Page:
Focus on an inclusive recovery

Addressing inequalities in education

Supporting people, jobs & small businesses

Young people and women hit hard by jobs crisis, August 2020

Closing the digital divide

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05/03/2021
COVID-19 has put renewed focus on the importance of addressing longstanding challenges that OECD governments face in delivering public services, especially in regions with people spread over a wider area where economies of scale are more difficult to achieve. The physical infrastructure needed to provide good quality education and health services can be more complex and expensive in rural and remote regions that also struggle to attract and retain education and health care professionals. Acute ageing trends in many rural regions and, in some cases, a shrinking population will require sustainable policy responses that will need to be coherent with pressure to drive efficiencies in public spending. This report examines the nuances specific to the delivery of education and health care to people everywhere, offering recommendations on how to better adapt provision to the realities of today and the emerging realities of tomorrow to face the challenges of distance, demographic change and fiscal belt-tightening. The report also examines digital connectivity issues in rural and remote regions, recognising the significant scope for digital delivery of services to mitigate challenges related to distance. Finally, the report looks at governance issues, including fiscal issues, through which the delivery of these critical services is administered and paid for.
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02/03/2021
Skills are central to the capacity of countries and people to thrive in a rapidly changing world. Recovering from the COVID-19 pandemic will require countries to co-ordinate interventions to help recent graduates find jobs, reactivate the skills of displaced workers and use skills effectively in workplaces. Megatrends such as globalisation, climate change, technological progress and demographic change will continue to reshape work and society. Countries should take action now to develop and use more effectively the skills required for the world of the future and at the same time make their skills systems more resilient and adaptable in the context of change and uncertainty.The OECD Skills Strategy provides countries with a strategic approach to assess their skills challenges and opportunities. The foundation of this approach is the OECD Skills Strategy framework allowing countries to explore how they can improve i) developing relevant skills, ii) using skills effectively, and iii) strengthening the governance of the skills system.This report applies the OECD Skills Strategy framework to Southeast Asia, providing an overview of the region’s skills challenges and opportunities in the context of COVID-19 and megatrends, and identifying good practices for improving skills outcomes. This report lays the foundation for a more fully elaborated Skills Strategy for Southeast Asia.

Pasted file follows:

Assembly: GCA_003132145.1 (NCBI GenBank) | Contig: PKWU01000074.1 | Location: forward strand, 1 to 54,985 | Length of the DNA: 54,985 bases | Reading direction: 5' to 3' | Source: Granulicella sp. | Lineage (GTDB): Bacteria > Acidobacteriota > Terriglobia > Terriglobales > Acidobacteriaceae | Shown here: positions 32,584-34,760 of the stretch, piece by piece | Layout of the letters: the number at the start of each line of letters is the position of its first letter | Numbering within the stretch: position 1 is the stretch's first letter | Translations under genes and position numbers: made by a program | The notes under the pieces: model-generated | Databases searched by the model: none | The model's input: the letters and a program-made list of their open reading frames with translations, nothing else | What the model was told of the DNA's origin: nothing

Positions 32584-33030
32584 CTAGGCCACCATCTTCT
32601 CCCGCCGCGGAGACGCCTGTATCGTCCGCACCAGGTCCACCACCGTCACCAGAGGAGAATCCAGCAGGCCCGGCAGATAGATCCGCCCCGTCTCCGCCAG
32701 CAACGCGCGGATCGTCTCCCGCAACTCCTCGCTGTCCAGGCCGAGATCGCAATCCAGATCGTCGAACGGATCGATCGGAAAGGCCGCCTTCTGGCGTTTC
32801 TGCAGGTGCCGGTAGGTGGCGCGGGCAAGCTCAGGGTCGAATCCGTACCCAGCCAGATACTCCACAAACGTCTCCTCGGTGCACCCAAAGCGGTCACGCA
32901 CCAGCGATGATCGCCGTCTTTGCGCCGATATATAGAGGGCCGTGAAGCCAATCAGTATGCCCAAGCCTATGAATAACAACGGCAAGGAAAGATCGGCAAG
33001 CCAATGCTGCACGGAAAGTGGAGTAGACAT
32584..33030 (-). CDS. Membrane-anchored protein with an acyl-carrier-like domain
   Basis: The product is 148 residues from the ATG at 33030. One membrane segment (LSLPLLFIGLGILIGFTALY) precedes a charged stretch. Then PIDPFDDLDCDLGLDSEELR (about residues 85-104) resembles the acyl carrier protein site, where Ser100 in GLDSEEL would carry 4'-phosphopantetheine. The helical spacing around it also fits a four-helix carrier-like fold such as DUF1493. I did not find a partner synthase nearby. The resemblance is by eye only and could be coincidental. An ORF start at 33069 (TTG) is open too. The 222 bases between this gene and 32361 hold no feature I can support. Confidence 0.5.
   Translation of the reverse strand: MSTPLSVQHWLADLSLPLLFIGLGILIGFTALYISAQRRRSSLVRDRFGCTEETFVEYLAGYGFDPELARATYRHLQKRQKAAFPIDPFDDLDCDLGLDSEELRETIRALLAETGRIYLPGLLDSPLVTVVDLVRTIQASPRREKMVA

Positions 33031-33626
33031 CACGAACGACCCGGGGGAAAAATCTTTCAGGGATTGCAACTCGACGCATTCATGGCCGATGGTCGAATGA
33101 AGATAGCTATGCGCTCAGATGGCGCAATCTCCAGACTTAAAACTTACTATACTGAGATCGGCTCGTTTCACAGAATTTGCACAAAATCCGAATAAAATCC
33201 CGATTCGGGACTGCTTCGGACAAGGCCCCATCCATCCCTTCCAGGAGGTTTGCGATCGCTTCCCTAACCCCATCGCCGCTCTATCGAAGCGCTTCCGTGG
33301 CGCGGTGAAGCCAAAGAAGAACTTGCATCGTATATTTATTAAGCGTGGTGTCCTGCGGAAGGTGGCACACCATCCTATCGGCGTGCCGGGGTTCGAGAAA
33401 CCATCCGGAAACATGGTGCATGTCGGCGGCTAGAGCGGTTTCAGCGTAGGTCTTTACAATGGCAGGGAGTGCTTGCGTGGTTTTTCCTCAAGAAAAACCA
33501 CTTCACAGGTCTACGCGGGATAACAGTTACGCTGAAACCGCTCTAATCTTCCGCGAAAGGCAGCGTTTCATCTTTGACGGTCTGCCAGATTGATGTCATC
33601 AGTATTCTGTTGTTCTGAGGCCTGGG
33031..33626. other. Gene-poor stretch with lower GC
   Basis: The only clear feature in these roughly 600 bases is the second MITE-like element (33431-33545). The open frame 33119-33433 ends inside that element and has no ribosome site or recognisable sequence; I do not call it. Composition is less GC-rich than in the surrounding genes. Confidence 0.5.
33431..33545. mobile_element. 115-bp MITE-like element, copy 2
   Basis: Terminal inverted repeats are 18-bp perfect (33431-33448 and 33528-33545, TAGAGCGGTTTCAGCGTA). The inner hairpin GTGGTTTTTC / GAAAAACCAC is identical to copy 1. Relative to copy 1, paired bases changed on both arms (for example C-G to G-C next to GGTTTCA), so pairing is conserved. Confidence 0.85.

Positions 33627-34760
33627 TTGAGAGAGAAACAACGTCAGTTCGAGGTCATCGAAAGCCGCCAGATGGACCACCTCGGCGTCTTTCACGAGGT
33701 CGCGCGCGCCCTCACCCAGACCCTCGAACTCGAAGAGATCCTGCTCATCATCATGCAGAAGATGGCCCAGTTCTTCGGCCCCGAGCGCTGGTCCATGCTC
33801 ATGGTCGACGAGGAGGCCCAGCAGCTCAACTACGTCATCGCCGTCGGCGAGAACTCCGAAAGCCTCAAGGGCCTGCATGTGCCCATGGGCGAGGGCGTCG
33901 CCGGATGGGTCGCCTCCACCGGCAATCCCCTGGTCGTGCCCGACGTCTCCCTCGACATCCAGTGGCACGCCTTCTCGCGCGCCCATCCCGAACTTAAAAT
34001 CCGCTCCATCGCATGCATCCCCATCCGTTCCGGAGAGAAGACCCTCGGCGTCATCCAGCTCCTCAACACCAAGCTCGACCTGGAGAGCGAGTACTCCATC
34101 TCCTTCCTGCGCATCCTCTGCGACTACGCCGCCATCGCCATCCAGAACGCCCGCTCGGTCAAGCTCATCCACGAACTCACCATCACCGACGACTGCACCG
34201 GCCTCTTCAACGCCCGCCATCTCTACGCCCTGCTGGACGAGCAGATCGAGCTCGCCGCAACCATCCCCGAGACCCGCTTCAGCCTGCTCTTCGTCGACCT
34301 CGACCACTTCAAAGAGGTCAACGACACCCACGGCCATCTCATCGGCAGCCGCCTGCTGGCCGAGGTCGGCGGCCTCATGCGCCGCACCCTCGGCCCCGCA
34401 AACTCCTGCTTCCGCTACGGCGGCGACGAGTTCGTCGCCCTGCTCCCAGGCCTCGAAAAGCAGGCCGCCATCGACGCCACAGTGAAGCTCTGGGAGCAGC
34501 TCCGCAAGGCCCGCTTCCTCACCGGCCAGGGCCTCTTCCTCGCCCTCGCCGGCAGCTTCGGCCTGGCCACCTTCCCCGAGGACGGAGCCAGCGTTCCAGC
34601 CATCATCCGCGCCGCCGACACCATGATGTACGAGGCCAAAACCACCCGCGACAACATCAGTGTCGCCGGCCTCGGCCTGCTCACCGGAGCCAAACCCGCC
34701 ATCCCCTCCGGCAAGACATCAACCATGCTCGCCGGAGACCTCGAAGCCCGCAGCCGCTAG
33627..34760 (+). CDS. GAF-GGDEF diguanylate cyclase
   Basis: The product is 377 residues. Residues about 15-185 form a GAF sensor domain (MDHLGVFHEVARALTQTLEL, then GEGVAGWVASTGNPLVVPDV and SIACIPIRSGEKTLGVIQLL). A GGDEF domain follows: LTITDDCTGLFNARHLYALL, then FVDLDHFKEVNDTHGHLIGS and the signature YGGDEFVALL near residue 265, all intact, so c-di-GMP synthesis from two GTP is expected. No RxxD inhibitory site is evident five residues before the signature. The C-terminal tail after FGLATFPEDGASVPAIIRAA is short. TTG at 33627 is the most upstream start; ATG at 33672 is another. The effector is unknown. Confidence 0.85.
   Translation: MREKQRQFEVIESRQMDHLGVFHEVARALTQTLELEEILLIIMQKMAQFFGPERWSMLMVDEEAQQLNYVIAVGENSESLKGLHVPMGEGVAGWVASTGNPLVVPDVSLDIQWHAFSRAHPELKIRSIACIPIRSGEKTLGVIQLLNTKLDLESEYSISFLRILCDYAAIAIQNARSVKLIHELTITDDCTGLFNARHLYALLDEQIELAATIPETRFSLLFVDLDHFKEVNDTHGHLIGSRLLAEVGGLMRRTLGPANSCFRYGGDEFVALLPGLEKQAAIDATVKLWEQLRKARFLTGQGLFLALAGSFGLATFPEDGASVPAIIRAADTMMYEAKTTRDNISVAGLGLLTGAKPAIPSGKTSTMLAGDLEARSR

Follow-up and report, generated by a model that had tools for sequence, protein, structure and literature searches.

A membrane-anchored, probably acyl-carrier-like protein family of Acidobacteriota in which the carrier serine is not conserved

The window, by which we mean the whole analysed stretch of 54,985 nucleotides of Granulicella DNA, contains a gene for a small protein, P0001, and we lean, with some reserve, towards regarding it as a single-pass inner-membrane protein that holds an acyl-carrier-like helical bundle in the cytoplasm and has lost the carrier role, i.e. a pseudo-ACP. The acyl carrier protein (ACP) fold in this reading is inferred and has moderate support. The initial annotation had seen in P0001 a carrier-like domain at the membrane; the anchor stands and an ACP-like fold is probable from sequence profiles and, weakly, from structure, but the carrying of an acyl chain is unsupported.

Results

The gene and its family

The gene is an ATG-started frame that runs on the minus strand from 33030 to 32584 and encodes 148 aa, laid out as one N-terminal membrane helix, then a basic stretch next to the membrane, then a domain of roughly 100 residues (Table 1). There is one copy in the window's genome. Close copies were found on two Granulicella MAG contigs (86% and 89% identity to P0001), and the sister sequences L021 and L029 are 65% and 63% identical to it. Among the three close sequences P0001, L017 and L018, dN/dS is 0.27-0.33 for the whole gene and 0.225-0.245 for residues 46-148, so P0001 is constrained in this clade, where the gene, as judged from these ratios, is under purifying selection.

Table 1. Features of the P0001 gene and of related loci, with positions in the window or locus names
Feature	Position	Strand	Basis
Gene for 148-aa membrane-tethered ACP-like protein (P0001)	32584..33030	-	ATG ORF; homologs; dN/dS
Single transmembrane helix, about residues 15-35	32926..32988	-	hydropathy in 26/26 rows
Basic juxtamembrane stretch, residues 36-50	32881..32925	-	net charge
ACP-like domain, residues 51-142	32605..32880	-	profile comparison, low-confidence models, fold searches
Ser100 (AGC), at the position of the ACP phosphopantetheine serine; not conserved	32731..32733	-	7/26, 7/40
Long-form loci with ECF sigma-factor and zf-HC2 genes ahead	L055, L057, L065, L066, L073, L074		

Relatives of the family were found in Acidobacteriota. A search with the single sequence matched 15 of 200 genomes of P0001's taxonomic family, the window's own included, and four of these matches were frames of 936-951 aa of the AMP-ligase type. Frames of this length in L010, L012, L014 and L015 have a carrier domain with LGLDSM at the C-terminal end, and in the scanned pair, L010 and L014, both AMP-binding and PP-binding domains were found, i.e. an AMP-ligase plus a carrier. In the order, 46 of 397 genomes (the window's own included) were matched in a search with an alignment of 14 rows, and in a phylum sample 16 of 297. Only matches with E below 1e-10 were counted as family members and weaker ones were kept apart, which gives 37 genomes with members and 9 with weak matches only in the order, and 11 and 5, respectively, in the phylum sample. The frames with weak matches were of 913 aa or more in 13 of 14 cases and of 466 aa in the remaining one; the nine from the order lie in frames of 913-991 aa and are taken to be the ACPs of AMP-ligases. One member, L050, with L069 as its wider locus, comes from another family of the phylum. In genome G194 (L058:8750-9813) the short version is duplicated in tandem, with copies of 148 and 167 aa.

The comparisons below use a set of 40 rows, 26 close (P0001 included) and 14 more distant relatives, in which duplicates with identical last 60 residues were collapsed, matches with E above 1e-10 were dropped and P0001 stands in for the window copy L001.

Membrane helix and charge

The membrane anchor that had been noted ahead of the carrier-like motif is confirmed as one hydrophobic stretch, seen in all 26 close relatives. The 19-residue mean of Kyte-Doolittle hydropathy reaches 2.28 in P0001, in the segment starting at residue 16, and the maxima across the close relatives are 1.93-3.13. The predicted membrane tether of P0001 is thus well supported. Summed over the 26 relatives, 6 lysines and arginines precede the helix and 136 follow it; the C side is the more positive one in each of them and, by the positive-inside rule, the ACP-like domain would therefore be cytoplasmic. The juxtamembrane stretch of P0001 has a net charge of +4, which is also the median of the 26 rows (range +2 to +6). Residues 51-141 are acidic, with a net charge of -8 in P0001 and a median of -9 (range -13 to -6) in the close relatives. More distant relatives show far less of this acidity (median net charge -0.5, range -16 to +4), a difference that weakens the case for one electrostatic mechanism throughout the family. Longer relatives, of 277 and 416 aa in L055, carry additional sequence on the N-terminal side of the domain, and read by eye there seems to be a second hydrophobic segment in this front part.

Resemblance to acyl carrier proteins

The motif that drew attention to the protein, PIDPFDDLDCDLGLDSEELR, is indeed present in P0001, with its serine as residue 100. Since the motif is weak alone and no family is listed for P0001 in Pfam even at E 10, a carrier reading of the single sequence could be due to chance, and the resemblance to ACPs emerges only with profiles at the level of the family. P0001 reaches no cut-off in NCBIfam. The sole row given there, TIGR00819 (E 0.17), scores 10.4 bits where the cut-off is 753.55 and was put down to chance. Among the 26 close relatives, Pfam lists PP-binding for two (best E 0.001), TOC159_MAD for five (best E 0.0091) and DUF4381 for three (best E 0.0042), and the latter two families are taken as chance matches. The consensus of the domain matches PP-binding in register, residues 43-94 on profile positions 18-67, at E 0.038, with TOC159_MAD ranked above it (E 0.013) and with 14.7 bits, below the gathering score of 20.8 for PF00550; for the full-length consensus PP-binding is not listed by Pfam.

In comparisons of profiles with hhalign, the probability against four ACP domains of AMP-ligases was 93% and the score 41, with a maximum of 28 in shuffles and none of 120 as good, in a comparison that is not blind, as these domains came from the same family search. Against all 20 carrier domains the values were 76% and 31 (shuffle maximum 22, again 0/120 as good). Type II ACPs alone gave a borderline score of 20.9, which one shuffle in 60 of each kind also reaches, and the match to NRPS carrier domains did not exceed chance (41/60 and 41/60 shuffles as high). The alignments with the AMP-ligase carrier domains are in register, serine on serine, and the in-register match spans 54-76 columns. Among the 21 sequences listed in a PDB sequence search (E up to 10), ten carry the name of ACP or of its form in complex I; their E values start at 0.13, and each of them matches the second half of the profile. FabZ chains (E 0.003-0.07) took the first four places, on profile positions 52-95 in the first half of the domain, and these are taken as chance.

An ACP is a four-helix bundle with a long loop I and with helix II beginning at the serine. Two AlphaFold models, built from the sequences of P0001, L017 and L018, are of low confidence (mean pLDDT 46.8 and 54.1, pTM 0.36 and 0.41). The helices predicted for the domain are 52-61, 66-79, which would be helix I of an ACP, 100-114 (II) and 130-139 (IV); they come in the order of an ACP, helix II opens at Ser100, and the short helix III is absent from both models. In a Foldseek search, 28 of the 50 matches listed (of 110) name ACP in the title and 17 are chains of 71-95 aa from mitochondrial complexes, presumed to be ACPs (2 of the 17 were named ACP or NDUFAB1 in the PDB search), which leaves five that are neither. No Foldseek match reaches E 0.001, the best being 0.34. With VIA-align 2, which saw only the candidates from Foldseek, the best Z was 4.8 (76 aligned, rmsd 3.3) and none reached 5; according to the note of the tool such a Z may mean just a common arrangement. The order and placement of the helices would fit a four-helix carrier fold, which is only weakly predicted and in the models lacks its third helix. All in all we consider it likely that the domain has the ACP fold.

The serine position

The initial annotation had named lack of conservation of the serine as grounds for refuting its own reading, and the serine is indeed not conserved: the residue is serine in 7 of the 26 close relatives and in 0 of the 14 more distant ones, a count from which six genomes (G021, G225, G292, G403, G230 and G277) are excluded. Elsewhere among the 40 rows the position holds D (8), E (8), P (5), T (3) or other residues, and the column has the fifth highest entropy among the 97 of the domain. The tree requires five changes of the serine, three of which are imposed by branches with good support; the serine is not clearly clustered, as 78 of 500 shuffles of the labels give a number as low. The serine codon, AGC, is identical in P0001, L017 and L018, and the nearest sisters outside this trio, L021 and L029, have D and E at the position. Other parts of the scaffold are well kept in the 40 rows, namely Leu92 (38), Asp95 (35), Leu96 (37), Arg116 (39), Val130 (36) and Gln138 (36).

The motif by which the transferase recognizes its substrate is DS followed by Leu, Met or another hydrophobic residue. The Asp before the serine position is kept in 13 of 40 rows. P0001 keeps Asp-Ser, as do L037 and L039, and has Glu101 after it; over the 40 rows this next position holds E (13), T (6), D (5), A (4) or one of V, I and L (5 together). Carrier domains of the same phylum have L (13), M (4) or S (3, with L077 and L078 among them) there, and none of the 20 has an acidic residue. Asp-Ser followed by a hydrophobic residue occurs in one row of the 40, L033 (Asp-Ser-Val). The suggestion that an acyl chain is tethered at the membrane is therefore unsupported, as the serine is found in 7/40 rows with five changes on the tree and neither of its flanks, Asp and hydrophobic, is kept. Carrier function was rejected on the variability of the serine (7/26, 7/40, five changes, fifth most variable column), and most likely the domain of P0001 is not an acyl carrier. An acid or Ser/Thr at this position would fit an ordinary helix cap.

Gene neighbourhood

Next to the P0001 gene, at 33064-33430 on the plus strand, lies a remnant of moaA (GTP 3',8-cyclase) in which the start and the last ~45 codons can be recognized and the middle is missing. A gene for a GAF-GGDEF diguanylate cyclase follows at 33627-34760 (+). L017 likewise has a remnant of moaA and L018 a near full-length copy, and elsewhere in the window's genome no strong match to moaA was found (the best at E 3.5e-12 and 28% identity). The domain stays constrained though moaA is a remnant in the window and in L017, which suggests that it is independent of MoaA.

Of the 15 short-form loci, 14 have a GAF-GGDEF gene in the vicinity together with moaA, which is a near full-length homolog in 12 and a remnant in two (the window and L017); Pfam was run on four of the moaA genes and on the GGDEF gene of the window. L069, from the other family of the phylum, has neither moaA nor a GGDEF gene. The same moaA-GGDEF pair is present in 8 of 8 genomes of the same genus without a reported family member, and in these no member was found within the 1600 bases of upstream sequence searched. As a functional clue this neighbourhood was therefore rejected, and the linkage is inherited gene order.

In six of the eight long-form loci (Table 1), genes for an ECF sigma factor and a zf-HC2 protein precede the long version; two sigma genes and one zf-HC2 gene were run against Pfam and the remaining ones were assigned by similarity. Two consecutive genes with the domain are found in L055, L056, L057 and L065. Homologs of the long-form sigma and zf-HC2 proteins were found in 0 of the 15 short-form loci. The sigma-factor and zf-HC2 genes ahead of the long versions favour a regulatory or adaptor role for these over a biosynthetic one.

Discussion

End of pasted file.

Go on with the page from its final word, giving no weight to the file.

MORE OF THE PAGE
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18/02/2021
Firm entry has rebounded after the drop experienced during the first COVID-19 lockdowns of early 2020, yet the recovery in entry rates is highly heterogeneous across countries, with possible long-term implications for employment and output growth. Financial support to firms’ liquidity and temporary changes to insolvency procedures have been effective in reducing bankruptcies, on average, by more than 30% relative to the pre-pandemic period. Policy measures may have protected viable and productive firms and avoided the systemic risks posed by a wave of bankruptcies, but at the risk of potentially keeping non-viable (the so-called zombie) firms afloat. Governments should implement a balanced strategy to phase out emergency support policies and pursue a gradual approach focusing on restoring the equity of distressed firms, encouraging timely debt restructuring and improving the efficiency of liquidation procedures, with the aim of fostering resource reallocation.